There are several valuabe postings on this Newsgroup about this topic. Do a search for "possessive" under "find" at the top of this chart. To see another one of the best, click on: https://thegrammarexchange.infopop.cc/eve/forums/a/t.../635101054#635101054 RachelRead More...

The bag has no wheel / wheels

Can i say, (a) The bag has no wheel / wheels.Read More...
Suitcases are often referred to as "bags," so "The bag has no wheels" would be perfect. If an item is supposed to have only one wheel -- say, for example, a wheelbarrow -- you'd probably say: We can't use this junky wheelbarrow. It doesn't even have a wheel! OR This wheelbarrow doesn't have a wheel. OR This wheelbarrow has no wheel. RachelRead More...

'clothes' or 'clothing'

This question has been sent in by Vincent. Which is correct? (a) Mother is ironing our clothes / clothing. What is the difference in meaning?Read More...
Yes, "clothing" is too general a word for this sentence. "Clothing" is something more abstract that the clothes that you have or wear or are in your house. Here are several examples of "clothing," from Google: "¢ Haburi.com - Designer clothing for men and women from names such as: Versace and DKNY. Hartt Apparel - Selection of Carhartt and general clothing for men, ... dmoz.org/Shopping/ clothing / "¢ Designers of technical outdoor clothing for skiing, climbing, snowboarding, paddling,...Read More...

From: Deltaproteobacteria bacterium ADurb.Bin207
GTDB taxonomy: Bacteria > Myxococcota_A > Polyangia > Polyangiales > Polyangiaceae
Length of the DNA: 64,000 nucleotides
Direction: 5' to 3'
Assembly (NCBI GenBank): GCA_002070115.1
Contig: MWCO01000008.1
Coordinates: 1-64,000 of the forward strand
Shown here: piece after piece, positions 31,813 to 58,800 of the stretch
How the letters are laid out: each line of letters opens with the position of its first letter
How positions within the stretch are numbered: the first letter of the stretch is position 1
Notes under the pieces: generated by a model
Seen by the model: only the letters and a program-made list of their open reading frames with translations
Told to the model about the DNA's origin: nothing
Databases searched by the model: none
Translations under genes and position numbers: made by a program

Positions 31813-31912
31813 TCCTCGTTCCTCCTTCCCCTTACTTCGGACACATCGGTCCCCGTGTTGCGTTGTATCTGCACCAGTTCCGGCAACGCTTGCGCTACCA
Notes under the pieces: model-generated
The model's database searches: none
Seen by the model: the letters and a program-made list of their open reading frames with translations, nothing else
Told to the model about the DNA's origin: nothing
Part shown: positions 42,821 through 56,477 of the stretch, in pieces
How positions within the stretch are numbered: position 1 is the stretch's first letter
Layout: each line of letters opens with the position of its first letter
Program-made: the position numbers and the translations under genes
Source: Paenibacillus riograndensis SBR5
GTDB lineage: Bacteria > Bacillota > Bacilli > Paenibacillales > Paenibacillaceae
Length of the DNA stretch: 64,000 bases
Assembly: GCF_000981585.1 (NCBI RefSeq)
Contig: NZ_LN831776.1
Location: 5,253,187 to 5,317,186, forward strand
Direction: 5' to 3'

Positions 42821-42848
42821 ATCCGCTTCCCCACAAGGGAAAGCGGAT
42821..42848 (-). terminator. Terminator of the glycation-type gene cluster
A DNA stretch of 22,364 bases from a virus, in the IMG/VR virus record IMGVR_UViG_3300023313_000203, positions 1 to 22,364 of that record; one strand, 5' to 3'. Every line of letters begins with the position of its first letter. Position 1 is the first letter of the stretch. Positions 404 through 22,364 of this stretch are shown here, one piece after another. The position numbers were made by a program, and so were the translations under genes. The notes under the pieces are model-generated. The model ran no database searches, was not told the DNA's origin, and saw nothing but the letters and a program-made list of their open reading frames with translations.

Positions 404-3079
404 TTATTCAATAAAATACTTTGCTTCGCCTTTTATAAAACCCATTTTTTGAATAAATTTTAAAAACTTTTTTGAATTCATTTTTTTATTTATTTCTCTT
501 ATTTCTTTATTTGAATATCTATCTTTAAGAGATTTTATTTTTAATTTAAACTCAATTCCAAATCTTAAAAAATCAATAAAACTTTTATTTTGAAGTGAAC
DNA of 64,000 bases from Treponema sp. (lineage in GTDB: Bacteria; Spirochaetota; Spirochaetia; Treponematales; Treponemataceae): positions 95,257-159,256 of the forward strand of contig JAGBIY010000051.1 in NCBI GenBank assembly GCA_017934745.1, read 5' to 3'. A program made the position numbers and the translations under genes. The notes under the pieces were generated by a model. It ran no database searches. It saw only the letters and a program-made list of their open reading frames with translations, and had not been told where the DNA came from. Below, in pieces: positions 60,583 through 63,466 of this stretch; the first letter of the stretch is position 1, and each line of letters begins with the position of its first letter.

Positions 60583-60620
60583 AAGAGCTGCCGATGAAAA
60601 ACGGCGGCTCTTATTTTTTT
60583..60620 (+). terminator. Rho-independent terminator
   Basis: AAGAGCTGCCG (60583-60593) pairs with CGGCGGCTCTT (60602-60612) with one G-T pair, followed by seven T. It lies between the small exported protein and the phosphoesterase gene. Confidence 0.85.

About the date (2)

i know we can say,"The first of July" same as 1 July. It is also same as number 1(first),21(twenty-first),31(thirty-first). But, how about others? Mind to show me how do we say in other number in date? Mind to list down?Read More...
(a) 10th August = The tenth of August OR August tenth 11th August = The eleventh of August OR August eleventh 12th August = The twelfth of August or August twelfth 13th August = The thirteenth of August or August thirteenth 14th August = The fourteenth of August or August fourteenth 15th August = The fifteenth of August or August fifteenth 16th August = The sixteenth of August or August sixteenth 17th August = The seventeenth of August or August seventeenth 18th August = The eighteenth of...Read More...

lie down on the job